In a globalised society, dance is gaining in importance as a means of conveying body knowledge: It is perceived as an art form in itself, is fostered and cultivated within the bounds of cultural and educational policy, and is increasingly becoming the subject of research. Dance is in motion all over the world, and with it the knowledge that it holds. But what does body knowledge in motion constitute, how is it produced, how can it be researched and conveyed? Renowned choreographers, dancers, theorists and pedagogues describe the unique potential of dance as an archive and medium as well as its significance at the interface between art and science. Contributors are, among others, Gabriele Brandstetter, Dieter Heitkamp, Royston Maldoom and Meg Stuart.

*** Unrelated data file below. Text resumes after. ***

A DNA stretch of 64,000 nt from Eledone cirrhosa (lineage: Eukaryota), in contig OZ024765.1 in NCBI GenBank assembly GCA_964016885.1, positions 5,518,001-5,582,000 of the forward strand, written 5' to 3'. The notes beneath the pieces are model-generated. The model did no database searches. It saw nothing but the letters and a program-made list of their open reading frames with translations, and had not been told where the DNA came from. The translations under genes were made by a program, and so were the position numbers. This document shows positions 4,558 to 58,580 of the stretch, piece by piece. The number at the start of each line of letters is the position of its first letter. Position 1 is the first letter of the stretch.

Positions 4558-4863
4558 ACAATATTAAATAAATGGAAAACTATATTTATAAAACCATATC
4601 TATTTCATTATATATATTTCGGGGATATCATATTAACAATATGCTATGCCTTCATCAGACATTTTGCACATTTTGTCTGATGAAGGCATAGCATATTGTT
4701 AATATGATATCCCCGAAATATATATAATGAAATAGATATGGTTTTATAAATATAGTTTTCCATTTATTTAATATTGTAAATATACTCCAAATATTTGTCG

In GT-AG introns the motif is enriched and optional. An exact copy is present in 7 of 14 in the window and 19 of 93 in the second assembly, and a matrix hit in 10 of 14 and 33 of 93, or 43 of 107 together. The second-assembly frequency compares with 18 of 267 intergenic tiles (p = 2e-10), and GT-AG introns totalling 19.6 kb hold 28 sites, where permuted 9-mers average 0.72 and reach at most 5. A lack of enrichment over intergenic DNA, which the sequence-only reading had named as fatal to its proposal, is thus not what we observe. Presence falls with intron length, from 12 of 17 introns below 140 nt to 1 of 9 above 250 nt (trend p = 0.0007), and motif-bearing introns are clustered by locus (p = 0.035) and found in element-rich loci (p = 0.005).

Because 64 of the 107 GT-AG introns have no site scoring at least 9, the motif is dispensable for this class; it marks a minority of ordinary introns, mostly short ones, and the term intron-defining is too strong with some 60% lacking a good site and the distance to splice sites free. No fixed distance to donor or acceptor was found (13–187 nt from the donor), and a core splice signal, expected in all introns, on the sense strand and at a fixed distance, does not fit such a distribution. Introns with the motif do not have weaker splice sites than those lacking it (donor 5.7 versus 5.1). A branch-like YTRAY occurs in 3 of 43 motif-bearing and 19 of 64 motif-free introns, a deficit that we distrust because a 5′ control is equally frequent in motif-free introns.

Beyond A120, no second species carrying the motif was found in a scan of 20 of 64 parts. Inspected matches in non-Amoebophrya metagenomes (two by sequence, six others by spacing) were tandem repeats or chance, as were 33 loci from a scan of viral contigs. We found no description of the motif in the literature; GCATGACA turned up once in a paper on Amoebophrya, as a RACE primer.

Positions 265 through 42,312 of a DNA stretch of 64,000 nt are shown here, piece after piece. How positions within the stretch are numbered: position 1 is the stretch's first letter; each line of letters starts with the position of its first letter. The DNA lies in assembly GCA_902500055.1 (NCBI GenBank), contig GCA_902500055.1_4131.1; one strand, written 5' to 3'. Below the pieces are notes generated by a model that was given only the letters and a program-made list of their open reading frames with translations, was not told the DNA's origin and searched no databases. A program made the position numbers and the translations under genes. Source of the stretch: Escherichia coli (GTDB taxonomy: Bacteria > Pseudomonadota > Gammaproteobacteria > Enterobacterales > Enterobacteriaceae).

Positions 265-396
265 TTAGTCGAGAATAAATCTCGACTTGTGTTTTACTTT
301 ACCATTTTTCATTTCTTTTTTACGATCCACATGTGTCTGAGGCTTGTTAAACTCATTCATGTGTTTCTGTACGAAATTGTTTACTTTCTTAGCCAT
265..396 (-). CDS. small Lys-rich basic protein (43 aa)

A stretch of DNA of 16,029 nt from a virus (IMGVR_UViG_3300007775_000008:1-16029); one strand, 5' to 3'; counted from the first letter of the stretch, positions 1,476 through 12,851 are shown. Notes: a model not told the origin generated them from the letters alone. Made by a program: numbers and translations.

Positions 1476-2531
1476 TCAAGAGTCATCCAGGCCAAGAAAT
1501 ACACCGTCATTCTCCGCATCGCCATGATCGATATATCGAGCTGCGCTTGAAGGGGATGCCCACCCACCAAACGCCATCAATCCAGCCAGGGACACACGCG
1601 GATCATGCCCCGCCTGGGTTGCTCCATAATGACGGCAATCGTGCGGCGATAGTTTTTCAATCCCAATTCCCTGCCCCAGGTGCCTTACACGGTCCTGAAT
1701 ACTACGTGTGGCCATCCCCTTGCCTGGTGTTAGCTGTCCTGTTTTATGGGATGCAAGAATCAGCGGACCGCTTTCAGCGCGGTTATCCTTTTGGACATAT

Knowledge in Motion: Perspectives of Artistic and Scientific Research in Dance
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